• Billy Bearden Feb 9, 2011 @ 11:48

            Mr Hall,

            Pleading the 5th on your assumptions 🙂 but rest assured I didn’t limit myself to that issue alone. Among other things wrong with the class teachings was a ‘fact’ that the NAACP was created by 7 blacks.
            This was included in my letters to the school leaders as part of thier errors, as if I needed to provide any balance to you.

            • Andy Hall Feb 9, 2011 @ 12:38

              . . . as if I needed to provide any balance to you.

              I didn’t ask you to provide balance, to me or anyone else. You’re entitled to voice your concerns about whatever you want.

        • Ken Noe Feb 9, 2011 @ 9:10

          Another history book written and I assume reviewed by non-historians. While I’d characterize many of the letter writer’s statements as debatable, there certainly are factual errors as well. I never knew that these little, author-owned cottage textbook publishing industries existed until this year, and I find it rather disturbing.

          • Kevin Levin Feb 9, 2011 @ 9:39

            That’s right. So on one level I agree with Mr. Bearden, but not for the reasons he assumes.

    • Vicki Betts Feb 9, 2011 @ 8:18

      I’m a big fan of Southern Civil War-era newspapers. I’ve read through many of the ones that survived to the microfilm age, and I’ve transcribed many articles to my webpage. One thing that has struck me over the years is how often during the war, right through to the end, the federal Army was referred to either as “the abolitionist army” or “the abolitionist forces” or just “the abolitionists.” Never once have I seen it referred to as “the high tariff army” or anything like that. Given that the Southern newspapers in Confederate-held areas would naturally be more pro-status quo, pro-middle to upper class, to me it does say something about what the editors and those writing in to the newspapers thought about the perceived motive of the Northern army (abolitionism) and the motive of the South (defense of slavery).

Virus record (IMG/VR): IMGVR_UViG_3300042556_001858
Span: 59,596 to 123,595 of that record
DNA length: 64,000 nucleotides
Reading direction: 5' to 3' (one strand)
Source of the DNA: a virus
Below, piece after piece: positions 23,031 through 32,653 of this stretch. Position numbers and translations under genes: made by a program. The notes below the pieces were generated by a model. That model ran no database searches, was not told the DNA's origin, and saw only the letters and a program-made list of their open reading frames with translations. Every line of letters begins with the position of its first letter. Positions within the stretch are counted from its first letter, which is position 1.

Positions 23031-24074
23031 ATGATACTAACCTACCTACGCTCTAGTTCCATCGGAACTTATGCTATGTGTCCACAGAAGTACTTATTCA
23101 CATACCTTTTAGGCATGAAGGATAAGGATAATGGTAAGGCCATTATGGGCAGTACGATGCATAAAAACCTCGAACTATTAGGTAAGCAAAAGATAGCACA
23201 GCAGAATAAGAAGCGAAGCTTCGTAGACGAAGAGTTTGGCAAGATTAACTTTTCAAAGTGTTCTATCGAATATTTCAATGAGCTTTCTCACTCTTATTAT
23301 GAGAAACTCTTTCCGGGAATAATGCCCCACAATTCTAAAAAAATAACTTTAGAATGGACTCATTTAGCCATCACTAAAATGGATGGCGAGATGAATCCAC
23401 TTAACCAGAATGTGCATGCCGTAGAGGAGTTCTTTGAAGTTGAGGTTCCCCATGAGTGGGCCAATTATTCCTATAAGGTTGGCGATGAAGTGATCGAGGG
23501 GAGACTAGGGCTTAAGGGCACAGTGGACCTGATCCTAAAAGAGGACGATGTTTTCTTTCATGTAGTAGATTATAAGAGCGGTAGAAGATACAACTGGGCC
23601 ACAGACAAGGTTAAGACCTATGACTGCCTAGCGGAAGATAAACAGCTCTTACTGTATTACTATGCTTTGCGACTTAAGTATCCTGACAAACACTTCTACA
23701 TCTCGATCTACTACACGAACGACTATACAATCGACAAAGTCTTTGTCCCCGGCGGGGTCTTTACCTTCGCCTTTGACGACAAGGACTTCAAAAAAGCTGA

There are, of course, many references to “invaders,” “vandal horde,” etc., that would also indicate another major motive, once the war had started, of defending homeland. It’s just interesting to me to look at the descriptive words that people of the period used.

      Vicki Betts

      • Brooks D. Simpson Feb 9, 2011 @ 10:26

        One does not come across complaints about the tariff as a major theme in the letters of Confederate soldiers, either.

        • Ken Noe Feb 9, 2011 @ 11:35

          Of the 320 in my “Reluctant Rebels” sample, none ever mentioned taxation of any kind.

        • Woodrowfan Feb 9, 2011 @ 12:04

          Heck, tariffs were the best part of Ken Burn’s “Civil War.” Don’t you remember the section where Willie Nelson read a letter from a Texas infantrymen about to go into battle at Shiloh? While “Ashokan Farewell,” played softly in the background he read the part where the man told his wife how he hated to leave her and their baby but the damn Yankees had raised the rates on Schedule C, Part 2b, Subsection 5.4, “Gears, iron, small” by 10% and he couldn’t sit by and do nothing! Brought a tear to my eye.

Leave a Reply

Your email address will not be published.